Feb 2017-Sept 2022 90,800 73,407 80.8%

Note: Beginning in Q4 of 2017, and Q1 of 2018, it seems that there were more than 100% asylum applications compared to people arriving. The likely reason is that the claims weren’t started right away, making the backlog worse.

Strange, even when there were few illegals coming in 2020 and 2021, it seems that the backlog wasn’t finished off. Guess everyone stopped working.

Now, this doesn’t answer the obvious question about how many people who are declared ineligible actually leave. Either the Government doesn’t keep such data, or they don’t make it easy to find.

The CBSA reported that in 2019 and 2020, some 11,444 “removals” had taken place, but no detailed breakdown is provided. This number apparently includes failed asylum seekers, and people ordered deported for other reasons. The CBSA has also complained that the majority of the removal orders are unenforceable.

More digging will need to be done in a follow-up.

Even when this subject is covered, little in the way of hard numbers are provided. This is one of the better ones. As one point, it was reported back in 2017 that there was a backlog of some 40,000 people. It’s currently at around 17,000.

Also, the totals of 25,789 (accepted), and 18,019 (rejected) are not accurate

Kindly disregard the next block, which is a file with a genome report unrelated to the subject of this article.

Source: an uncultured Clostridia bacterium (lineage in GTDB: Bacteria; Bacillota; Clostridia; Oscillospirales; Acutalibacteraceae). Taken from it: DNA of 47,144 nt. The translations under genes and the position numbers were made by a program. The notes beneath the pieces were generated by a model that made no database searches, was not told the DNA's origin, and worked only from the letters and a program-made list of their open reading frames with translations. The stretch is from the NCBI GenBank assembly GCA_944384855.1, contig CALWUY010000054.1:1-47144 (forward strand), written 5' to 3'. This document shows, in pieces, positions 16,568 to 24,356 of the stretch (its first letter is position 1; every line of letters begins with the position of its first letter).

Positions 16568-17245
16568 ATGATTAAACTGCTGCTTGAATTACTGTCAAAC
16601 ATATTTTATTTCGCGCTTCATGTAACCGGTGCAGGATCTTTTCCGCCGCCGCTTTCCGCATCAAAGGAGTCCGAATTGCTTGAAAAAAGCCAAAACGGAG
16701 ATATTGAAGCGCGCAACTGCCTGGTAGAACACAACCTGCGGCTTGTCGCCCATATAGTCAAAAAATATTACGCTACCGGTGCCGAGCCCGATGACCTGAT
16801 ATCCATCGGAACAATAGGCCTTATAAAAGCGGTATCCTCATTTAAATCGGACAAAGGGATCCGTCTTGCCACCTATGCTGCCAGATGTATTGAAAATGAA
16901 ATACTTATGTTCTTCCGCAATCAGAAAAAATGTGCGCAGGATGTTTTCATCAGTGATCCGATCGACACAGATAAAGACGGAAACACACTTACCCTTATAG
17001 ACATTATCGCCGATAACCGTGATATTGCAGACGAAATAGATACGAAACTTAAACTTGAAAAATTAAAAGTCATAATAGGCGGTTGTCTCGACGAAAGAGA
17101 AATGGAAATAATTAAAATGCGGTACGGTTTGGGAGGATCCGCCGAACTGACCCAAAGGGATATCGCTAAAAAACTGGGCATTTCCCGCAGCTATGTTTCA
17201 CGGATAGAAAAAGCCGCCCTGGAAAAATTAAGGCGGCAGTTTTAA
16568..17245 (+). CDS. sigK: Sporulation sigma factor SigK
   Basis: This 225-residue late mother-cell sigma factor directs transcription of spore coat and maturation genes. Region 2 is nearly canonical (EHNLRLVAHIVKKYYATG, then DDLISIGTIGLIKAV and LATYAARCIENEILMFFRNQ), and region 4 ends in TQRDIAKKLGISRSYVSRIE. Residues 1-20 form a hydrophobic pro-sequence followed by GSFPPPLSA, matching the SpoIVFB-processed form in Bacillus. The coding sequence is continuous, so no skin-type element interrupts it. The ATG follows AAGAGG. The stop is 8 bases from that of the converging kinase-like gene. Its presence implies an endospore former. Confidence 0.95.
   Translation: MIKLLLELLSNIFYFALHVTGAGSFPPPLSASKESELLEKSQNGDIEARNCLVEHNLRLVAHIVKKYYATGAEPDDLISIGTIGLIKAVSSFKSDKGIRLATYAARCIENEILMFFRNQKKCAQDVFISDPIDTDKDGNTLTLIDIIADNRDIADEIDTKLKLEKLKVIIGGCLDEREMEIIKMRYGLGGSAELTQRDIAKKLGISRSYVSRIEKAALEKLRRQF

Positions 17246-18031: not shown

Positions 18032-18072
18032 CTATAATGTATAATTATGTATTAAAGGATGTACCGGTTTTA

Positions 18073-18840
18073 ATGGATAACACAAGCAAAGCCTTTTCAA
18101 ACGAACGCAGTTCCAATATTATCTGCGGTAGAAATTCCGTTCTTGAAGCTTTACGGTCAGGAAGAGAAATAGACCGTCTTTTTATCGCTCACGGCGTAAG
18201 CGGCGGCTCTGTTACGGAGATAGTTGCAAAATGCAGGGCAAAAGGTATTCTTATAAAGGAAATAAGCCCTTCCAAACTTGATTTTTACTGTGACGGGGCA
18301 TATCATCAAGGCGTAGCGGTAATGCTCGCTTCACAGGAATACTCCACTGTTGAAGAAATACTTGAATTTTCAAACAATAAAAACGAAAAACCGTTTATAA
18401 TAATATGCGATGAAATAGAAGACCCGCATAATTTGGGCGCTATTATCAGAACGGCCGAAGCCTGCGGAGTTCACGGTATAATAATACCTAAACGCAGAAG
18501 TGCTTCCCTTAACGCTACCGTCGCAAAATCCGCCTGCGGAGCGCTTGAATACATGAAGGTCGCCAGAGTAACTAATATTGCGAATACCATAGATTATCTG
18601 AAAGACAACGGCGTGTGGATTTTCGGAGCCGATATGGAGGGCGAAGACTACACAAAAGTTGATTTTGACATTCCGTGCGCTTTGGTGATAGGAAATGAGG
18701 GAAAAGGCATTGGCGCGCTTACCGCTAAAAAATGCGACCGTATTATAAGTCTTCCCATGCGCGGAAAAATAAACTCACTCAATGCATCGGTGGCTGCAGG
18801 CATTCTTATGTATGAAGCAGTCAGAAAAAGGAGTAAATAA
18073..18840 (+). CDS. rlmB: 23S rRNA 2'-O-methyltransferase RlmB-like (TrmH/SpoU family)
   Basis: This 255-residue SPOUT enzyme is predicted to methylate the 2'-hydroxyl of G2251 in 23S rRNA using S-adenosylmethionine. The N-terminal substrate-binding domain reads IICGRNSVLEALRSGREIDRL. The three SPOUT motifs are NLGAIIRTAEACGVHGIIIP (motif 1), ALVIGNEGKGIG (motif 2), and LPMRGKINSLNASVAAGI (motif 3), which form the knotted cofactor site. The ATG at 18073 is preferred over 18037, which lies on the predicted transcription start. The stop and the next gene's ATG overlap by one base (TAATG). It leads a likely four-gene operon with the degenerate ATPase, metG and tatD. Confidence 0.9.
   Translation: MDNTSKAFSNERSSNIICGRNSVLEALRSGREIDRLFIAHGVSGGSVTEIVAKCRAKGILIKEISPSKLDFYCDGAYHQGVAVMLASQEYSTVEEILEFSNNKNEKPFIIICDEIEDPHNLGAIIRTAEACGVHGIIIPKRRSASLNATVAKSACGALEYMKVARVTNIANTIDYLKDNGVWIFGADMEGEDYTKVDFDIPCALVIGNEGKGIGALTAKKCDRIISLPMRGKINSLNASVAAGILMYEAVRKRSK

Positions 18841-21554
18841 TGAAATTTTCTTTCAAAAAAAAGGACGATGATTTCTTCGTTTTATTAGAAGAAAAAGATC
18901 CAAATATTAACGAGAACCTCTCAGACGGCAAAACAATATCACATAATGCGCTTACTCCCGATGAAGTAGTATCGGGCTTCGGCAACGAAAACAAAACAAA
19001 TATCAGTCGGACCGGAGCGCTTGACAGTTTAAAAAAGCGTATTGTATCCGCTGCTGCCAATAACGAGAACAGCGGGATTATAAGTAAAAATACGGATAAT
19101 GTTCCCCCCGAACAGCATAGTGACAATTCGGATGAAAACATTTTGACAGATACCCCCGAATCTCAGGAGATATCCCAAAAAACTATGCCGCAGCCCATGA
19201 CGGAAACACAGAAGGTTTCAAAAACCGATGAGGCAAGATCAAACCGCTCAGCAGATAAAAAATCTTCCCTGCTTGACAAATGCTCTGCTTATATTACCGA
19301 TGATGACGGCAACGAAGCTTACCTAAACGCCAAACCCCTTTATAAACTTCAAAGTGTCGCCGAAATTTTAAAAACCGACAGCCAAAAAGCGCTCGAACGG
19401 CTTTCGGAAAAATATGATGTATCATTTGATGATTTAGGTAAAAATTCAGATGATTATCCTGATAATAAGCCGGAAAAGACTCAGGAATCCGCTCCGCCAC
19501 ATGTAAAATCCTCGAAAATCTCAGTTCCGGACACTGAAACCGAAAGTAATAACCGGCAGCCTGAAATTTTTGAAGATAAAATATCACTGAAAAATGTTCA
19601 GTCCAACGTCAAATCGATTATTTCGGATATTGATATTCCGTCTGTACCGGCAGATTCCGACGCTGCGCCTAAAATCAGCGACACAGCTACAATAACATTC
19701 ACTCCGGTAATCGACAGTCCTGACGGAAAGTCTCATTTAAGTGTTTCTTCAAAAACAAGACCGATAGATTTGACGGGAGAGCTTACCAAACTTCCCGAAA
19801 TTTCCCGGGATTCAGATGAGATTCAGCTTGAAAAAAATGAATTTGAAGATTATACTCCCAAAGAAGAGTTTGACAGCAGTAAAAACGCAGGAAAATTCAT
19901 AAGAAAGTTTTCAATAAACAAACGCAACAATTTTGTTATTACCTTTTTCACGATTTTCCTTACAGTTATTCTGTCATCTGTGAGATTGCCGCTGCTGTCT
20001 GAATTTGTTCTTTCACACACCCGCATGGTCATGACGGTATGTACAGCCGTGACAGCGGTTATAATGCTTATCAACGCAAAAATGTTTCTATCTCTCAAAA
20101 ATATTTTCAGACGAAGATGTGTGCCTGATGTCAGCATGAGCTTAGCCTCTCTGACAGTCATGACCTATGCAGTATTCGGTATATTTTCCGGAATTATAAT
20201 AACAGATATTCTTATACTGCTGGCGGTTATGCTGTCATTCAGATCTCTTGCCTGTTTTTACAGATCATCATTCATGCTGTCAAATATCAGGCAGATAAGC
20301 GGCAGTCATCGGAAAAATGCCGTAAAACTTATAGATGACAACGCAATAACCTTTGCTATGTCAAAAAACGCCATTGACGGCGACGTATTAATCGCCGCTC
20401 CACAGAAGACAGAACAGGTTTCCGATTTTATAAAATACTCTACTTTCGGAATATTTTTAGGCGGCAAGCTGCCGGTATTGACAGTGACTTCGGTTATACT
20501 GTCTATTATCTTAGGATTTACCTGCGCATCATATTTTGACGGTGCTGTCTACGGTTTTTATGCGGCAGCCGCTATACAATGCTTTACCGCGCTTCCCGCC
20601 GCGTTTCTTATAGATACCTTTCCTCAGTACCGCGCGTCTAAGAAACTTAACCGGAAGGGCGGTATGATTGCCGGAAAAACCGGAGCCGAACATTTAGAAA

As for how many of them are granted asylum, doing a manual count:
February 2017 to September 2022: 29,344 claims were accepted.
February 2017 to September 2022: 20,179 claims were rejected.

Total claims ruled = 29,344 + 20,179 = 49,523.

True, this includes claims started before February 2017, but assuming the acceptance rate is pretty consistent…

If we ignore the withdrawn and abandoned claims (as is done here), then 29,344 out of 49,523 were accepted for asylum. That works out to about 59%.

If the source material is at all accurate, roughly 81% of people coming into Canada illegally are allowed to have claims heard by I.R.B., and 59% of them are accepted. If it’s not accurate, that figure could be a lot higher.

(1) https://www.irb-cisr.gc.ca/en/statistics/Pages/Irregular-border-crosser-statistics.aspx
(2) https://www.canada.ca/en/immigration-refugees-citizenship/services/refugees/asylum-claims/asylum-claims-2022.html
(3) https://www.canada.ca/en/immigration-refugees-citizenship/services/refugees/asylum-claims/asylum-claims-2021.html
(4) https://www.canada.ca/en/immigration-refugees-citizenship/services/refugees/asylum-claims/asylum-claims-2020.html
(5) https://www.canada.ca/en/immigration-refugees-citizenship/services/refugees/asylum-claims/asylum-claims-2019.html
(6) https://www.canada.ca/en/immigration-refugees-citizenship/services/refugees/asylum-claims/asylum-claims-2018.html
(7) https://www.canada.ca/en/immigration-refugees-citizenship/services/refugees/asylum-claims/asylum-claims-2017.html
(8) https://www.thestar.com/news/canada/2017/10/19/new-data-show-69-of-illegal-border-crossers-are-being-granted-asylum.html
(8) https://www.cbsa-asfc.gc.ca/security-securite/arr-det-eng.html
(9) https://www.cbsa-asfc.gc.ca/transparency-transparence/pd-dp/bbp-rpp/pacp/2020-11-24/km-mc-eng.html